Except in the simplest cases, one cannot expect observation alone to reveal the effect of the use of an aspect of economics. One cannot assume, just because one can observe economics being used in an economic process, that the process is thereby altered significantly.
The Iv-B parts of an economy are hidden, deceptive, and also mutate to avoid being observed. They actively misinform observers of their nature because gives them a competitive advantage compared to others who show their plans. Statistics in a V-Bi part of the economy then do not tell what is happening, if they do then the Iv-B parts will change so they are no longer accurate. This is a defect in the use of statistics for economics that cannot be fixed by its mathematical nature.
It might be that the use of economics is epiphenomenal—an empty gloss on a process that would have had essentially the same outcomes without it, as Mirowski and Nik-Khah (2004) in effect suggest was the case for the celebrated use of “game theory” from economics in the auctions of the communications spectrum in the United States.
— Donald MacKenzie, An Engine, Not a Camera: How Financial Models Shape Markets 1
Observers often just see this gloss or outer skin like a photograph, the circuit diagram is Iv-B and kept secret. if not then a competitors could work out what a bank was going to do with some certainty and then make money from its stock or anticipating its business moves. It is the same in poker, players must bluff or lose.
Before I begin, I think it is fair to concede our Cassandras’ contention that large commercial, investment, and universal banks2 are highly complex, risky, and opaque institutions.
This is iv-B.
It is also fair to say that most of the bad or downright naughty things which have occurred in the financial sector over the past several years (although not all; viz., Bernie Madoff) have bubbled up from the bowels of large, complex, opaque banks and their brethren.
This grows in dark places most free of I-O regulations because those that don't do this lose in a Gresham's dynamic.
But the notion that there is some sort of magical accounting regime which could simultaneously shine sunlight into the deepest reaches of multi-trillion-dollar global financial institutions, clearly convey the actual and potential risks these institutions face or create in their daily operations, and therefore usher everybody into a new era of financial transparency, trust, and mint juleps on the sun porch is simply ludicrous. It completely misunderstands what accounting is and what accounting is for.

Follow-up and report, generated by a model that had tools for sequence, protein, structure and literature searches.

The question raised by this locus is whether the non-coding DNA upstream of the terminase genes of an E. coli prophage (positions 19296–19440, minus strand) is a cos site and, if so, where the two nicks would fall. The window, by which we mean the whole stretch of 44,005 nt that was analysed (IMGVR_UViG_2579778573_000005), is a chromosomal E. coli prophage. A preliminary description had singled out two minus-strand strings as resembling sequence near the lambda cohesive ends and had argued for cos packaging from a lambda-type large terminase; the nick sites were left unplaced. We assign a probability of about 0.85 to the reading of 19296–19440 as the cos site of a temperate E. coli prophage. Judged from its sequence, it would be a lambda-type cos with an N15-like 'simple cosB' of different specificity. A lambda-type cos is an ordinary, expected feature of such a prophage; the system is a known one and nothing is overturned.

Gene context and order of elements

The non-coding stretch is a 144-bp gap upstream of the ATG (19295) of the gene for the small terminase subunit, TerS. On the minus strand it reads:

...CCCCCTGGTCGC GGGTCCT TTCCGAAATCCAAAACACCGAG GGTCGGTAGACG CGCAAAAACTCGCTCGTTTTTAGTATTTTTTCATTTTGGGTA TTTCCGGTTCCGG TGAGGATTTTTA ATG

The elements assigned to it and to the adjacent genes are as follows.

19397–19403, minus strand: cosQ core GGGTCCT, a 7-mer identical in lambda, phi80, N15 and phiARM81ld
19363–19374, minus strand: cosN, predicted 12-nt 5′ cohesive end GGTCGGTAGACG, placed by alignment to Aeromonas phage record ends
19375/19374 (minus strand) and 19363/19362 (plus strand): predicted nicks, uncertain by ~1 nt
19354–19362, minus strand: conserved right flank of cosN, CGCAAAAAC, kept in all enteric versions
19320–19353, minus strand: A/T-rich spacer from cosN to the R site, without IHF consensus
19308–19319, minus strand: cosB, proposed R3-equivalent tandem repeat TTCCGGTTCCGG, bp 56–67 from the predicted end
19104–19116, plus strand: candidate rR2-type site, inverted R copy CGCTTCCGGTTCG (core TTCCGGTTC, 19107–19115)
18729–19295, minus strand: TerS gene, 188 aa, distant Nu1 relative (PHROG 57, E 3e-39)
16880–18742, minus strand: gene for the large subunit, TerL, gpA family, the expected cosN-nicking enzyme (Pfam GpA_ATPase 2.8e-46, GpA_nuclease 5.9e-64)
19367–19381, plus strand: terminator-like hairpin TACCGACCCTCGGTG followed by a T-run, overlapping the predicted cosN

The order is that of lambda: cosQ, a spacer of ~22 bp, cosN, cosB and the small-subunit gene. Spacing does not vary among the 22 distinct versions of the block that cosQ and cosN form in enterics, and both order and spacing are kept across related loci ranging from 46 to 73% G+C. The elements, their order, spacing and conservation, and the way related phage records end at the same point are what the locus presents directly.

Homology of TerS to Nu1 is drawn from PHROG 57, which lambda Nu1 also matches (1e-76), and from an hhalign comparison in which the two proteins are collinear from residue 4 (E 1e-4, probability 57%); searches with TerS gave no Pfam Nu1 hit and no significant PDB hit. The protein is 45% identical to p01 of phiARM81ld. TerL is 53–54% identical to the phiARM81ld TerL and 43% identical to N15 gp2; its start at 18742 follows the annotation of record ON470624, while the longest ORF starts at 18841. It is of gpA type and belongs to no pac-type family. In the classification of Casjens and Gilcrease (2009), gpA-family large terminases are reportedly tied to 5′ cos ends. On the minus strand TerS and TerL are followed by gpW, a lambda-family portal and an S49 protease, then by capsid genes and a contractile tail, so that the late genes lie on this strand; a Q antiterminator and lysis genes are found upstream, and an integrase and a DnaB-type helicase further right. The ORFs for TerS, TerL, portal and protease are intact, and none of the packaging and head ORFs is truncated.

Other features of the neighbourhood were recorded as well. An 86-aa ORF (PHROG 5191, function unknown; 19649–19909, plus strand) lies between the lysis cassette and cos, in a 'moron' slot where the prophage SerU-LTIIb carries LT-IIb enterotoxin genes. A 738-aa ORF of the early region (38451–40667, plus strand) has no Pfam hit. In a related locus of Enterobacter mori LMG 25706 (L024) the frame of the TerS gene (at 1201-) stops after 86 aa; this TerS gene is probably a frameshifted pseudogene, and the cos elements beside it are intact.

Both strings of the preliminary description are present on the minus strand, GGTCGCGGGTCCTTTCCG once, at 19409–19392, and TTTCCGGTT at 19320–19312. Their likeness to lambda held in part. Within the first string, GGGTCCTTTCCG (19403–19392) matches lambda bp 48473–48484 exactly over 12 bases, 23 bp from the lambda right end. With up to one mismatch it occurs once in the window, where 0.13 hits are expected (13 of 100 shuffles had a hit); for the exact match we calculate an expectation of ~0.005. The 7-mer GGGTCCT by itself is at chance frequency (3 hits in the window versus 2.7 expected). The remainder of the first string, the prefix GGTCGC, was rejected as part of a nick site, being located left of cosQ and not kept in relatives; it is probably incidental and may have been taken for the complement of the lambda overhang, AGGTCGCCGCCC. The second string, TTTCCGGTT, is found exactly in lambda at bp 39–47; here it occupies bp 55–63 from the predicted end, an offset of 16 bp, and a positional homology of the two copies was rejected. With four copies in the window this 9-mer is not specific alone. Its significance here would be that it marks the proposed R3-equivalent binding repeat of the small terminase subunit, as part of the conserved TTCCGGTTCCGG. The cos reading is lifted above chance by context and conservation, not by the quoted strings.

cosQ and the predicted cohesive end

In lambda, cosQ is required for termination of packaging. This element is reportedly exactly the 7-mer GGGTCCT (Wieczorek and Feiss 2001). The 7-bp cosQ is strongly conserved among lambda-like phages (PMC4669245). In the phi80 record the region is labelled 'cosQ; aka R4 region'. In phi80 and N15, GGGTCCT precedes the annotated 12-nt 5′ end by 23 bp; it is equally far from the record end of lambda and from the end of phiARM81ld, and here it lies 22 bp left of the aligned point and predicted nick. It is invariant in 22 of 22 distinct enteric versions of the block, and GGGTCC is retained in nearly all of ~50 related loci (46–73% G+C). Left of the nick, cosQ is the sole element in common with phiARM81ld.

It is like shining lights into dark cupboards looking for Oy-R contagion like cockroaches, they learn to anticipate this giving a false sense of security.
It is a rookie mistake.
Even the much maligned (by me) Securities and Exchange Commission understands the proper relationship of public accounts to equity investors. Remember that the SEC’s objective for public reporting is not to help you fully understand a business. It is to disclose all pertinent and relevant facts and risks about a business so an investor can make her own informed decision. Banks are big, opaque, risky, and complex. What do bank financial statements tell us? They tell us banks are big, opaque, risky, and complex.
They can also deceive about some aspects like special purpose vehicles to hide losses, this hiding of problems from each other can give a false sense of security in the industry and a boom which crashes when these chaotic cracks surface.
That sounds pretty accurate to me. The kind of disclosure our doughty duo proposes, including ludicrously simplistic “worst-case scenarios,” would not increase investors’ understanding of the real risks inherent in the mind-bogglingly complex business of global finance. In point of fact, these are only poorly or dimly understood by the very bankers undertaking them.
Iv-B businesses are not even well understood by all of those in them because they deceive each other, the management is often V making money from this deception like employing crooked salesmen and learn not to ask too much. This can backfire when these Iv salesmen collapse the company with fraud or theft.
Instead, it would promote a sort of unwarranted confidence that would be both dangerous and misleading.
Equity investors should be terrified of banks. After all, they are the last capital providers in line in famously and ineluctably evanescent institutions, firms whose very existence can wink out over a weekend if the depositors, counterparties, and institutional investors ahead of shareholders decide to take a powder. That is the nature of banks, then, now, and always. Banks are structurally short liquidity. When liquidity dries up, or becomes prohibitively expensive, banks fail, and they fail fast. It’s as simple as that.